The technique uses transcranial direct current stimulation (tDCS), in which weak electrical currents are applied to the scalp using electrodes, reports the New Scientist.
The method can temporarily increase or decrease activity in a specific brain region and has already been shown to boost verbal and motor skills in volunteers.
Richard Chi of University of Sydney, and colleagues showed 36 volunteers a dozen “study” slides covered with shapes that varied in their number, arrangement, colour and size (see “Brain games”).
The volunteers were then shown five “test” slides – two with patterns that appeared in the study slides, two with completely new patterns and one whose pattern looked similar to that on a study slide.
Participants were asked to identify which of the test slides they had already seen, first performing the task without any brain stimulation.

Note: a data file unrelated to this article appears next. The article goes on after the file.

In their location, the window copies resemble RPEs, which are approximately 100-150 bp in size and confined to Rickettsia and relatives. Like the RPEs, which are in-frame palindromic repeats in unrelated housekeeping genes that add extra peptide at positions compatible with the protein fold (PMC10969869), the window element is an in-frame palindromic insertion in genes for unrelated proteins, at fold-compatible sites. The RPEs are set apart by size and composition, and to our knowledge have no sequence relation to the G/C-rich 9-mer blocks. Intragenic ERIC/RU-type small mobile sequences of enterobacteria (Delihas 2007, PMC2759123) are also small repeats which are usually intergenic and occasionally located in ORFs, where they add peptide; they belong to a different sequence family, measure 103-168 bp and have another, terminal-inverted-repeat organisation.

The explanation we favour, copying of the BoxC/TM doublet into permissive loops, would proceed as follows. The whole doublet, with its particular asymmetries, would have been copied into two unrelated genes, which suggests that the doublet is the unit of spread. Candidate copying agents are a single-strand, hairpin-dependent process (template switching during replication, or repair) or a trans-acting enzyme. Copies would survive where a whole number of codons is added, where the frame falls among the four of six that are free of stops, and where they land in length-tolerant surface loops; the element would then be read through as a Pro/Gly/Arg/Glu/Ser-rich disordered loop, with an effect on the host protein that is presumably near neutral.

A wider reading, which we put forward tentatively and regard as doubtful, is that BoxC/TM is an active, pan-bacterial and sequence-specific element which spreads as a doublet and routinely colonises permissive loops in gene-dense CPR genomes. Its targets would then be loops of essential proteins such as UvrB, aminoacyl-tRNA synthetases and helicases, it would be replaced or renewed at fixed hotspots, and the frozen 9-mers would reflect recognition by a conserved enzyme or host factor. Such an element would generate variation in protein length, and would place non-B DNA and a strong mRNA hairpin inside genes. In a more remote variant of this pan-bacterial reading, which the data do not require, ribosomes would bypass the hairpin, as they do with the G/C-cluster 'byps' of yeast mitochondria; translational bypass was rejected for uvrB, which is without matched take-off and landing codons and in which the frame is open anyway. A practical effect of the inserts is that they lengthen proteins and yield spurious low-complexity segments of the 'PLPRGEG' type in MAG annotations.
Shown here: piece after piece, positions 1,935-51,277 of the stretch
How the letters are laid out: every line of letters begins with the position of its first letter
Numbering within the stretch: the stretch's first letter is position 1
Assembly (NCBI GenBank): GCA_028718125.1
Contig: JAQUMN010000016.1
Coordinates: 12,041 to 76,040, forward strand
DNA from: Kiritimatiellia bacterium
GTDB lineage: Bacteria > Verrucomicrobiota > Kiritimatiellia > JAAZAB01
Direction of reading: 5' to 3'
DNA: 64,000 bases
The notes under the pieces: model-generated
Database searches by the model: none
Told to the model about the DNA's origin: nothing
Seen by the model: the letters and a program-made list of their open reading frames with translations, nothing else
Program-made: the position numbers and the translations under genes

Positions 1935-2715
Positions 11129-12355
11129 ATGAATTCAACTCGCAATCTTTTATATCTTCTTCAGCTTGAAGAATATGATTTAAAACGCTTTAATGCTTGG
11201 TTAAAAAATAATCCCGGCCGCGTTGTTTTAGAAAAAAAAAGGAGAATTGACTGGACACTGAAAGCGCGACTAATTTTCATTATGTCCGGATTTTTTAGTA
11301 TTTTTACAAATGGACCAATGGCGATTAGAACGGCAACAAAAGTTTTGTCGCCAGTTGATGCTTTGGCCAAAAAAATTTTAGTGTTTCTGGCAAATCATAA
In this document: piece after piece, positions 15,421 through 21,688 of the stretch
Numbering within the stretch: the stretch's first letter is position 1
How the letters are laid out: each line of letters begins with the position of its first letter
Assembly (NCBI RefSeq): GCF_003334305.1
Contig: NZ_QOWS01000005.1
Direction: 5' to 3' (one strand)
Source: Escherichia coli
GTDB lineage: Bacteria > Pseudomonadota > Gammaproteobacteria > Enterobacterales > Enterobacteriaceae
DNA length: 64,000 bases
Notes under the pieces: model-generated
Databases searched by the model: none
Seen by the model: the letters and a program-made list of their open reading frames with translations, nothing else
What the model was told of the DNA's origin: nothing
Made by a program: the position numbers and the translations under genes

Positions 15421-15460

Subjects then repeated the experiment 12 times, with one group receiving so-called anodal tDCS (which boosts activity) on their right ATL and cathodal tDCS (which inhibits activity) on their left.
A second group received the opposite stimulation and a third group received a placebo treatment, which did not stimulate either side of the brain.
Those in the first group more than doubled their scores after receiving tDCS, experiencing a 110 per cent improvement in visual memory. Participants in the second and third groups showed no overall improvement in performance.